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HMRC internal manual

Residence, Domicile and Remittance Basis Manual

Residence: The SRT: Days spent in the UK: Transit days

Transit days do not count towards the total day count for SRT. A transit day is a day when the individual is travelling from 1 country outside the UK on a through ticket, to a final destination to another country outside the UK, and whilst on route:

  • they arrive as a passenger
  • they leave the UK the next day

Provided that, between their arrival and departure, they do not engage in any activities that are to a substantial extent unrelated to their passage through the UK. Merely taking dinner or breakfast at their hotel, in the normal course of events, would be related to their passage.

In contrast, enjoying a film at a local cinema, spending any time in your home in the UK or catching up with friends or relations would be considered substantially unrelated to their passage through the UK.

The individual’s day of arrival, when in transit, does not count as a day spent in the UK for SRT purposes. Howeve, the following day, when the individual leaves the UK, may be a qualifying day under the deeming rule (see RDRM11720).

Example 1

Holly regularly visits the UK for work and social engagements. She also travels widely. She is planning to visit her aunt in Philadelphia, and will be flying in from Rome to connect with her flight at Heathrow.

Holly’s flight lands at 23.05 on Monday evening. Her flight to Philadelphia does not depart from Heathrow untill 11.05 on Tuesday morning. Holly decides to stay at an airport hotel to catch some sleep, before returning to board the plane for her onward journey. She merely leaves the airport terminal, catches a taxi to the hotel, sleeps, and snatches a quick breakfast before returning to the airport.

The transit arrival day (Monday) spent in the UK would not count as a day for Holly when she considers how many days she spent in the UK at the end of the tax year. The departure day (Tuesday), may count as a qualifying day under the deeming rule.

Example 2(a)

Holly’s brother, Lawrence, has a similarly itinerant lifestyle. He too is visiting their aunt in Philadelphia, and will be flying in from Toulouse to connect with their continental flight at Heathrow.

Lawrence’s flight lands at 17.20 on Monday evening. The flight to Philadelphia does not depart Heathrow until 11.05 on Tuesday morning. Lawrence decides to stay at an airport hotel, before returning to board the plane on Tuesday. In this scenario the midnight spent in the UK will not count as a day spent in the UK for SRT purposes. The departure day (Tuesday), may count as a qualifying day under the deeming rules.

Example 2(b)

The circumstances are for 2(a), but Lawrence decides that as he has a long transit period in the UK he will meet up with some friends and go to the theatre.

In this scenario Lawrence’s meeting friends and visiting the theatre is regarded as being to a substantial extent unrelated to his passage through the UK. The midnight spent in the UK will count as  a day spent in the UK for SRT purposes. The following day (Tuesday), may also count as a qualifying day under the deeming rule.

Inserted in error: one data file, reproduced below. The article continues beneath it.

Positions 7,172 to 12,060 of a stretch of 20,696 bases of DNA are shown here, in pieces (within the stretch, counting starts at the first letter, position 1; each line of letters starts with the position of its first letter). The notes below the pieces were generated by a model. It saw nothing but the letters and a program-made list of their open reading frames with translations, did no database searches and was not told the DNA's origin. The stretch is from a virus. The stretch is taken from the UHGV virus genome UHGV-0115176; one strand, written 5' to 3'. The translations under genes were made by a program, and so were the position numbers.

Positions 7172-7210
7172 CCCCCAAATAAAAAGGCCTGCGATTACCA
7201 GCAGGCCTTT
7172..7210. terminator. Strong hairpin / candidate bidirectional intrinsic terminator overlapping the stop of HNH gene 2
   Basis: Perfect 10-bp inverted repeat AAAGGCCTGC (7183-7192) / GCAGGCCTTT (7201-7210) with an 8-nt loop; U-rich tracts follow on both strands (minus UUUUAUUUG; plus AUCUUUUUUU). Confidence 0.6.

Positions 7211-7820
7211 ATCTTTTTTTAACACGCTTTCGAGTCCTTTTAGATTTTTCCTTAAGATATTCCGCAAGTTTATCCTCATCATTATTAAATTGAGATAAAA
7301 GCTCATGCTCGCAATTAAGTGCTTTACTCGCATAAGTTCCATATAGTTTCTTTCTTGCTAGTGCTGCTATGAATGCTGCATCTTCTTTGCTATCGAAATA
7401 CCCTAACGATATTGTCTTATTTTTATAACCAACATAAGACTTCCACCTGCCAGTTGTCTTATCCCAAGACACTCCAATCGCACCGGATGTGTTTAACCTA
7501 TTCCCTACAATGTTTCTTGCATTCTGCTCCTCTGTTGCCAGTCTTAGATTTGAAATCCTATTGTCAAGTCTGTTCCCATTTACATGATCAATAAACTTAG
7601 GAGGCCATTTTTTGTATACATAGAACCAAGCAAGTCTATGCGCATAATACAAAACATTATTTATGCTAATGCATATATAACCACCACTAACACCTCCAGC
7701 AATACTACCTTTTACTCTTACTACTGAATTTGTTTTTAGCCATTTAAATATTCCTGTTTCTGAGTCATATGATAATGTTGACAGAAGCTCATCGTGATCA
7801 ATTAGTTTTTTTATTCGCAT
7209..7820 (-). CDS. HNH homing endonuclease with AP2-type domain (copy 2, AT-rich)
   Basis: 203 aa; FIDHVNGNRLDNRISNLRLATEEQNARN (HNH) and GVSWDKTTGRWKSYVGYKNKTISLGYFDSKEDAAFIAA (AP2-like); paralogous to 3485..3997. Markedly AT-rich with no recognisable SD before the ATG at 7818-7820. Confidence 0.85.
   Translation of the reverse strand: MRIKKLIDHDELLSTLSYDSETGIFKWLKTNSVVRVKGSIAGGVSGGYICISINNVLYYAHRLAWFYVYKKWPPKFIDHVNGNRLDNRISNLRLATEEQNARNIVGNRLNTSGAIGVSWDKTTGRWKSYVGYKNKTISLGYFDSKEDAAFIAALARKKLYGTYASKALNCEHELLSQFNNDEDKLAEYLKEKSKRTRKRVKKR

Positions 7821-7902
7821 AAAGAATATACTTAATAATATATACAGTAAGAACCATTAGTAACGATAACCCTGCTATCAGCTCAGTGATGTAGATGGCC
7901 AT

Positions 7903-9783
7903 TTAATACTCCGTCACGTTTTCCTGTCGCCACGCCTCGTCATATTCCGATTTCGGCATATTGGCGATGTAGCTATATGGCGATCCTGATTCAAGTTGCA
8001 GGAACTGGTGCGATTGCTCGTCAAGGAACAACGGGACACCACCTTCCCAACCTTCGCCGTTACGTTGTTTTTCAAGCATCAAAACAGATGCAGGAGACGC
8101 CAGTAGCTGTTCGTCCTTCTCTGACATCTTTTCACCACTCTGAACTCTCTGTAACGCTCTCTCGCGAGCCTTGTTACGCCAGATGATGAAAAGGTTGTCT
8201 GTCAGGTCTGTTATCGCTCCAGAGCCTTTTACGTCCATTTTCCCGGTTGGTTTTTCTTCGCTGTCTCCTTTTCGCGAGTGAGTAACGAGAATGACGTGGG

Example 2(c)

The circumstances are as for 2(a), but Lawrence meets his team leader for dinner to discuss work related issues. Their meeting lasts for an hour and a half.

In this sceanrio the meeting with his team leader is regarded as being to a substantial extent unrelated to his passage through the UK, and the midnight spent in the UK will count as a day spent in the UK for SRT purposes. The following day (Tuesday), may also count as a qualifying day under the deeming rule.

Example 3(a)

Simon is a lawyer who lives in France but works internationally. A business trip to Canada requires him to transit through the UK. He lands at Gatwick at 18.30 on Tuesday and his onward flight to Canada departs Heathrow at 14.00 on Wednesday.

While Simon is waiting for the shuttle bus to his Heathrow hotel he spots a work colleague from the London office who he has not seen for some time. They go for a coffee and talk about their families and recent holidays. That evening after dinner in his hotel, Simon uses social media to look at his colleague’s holiday phtographs and then exchanges a few emails with him about them. Before going to bed Simon watches a film on an internet website.

Simon’s chance meetingwith his colleague and his use of social media and internet websites are regarded as being related to his transit through the UK. This is becasue the meeting was entirely by chance, not planned, and he and his colleague did not talk about work issues. His use of social media at the hotel is acceptable, as it was not used in any way whatsoever for business or work purposes.

Simon’s day of arrival in the UK may be treated as a transit day and will not count as a day of presence in the UK for SRT purposes. Simon’s departure day (Wednesday) may also count as a qualifying day under the SRT deeming rule.

Example 3(b)

The situation is the same as for example 3(a), however Simon and his colleague discuss a litigation case they are both involved in. That evening Simon contacts his boss on his social media site to make him aware of the earlier discussion with his colleague, and they exchange some emails on the case.

Altough Simon met his colleague by chance they discussed both private and work related issues. He also used social media for work purposes. These activities are regarded as being to a substantial extent unrelated to his transit through the UK.

Simon’s day of arrival in the UK may not be regarded as a transit day and will be treated as a day spent in the UK for SRT purposes. If Simon works in the UK for more than 3 hours, the day will also count as a UK work day. Simon’s departure day (Wednesday), may also count as a qualifying day under the SRT deeming rule.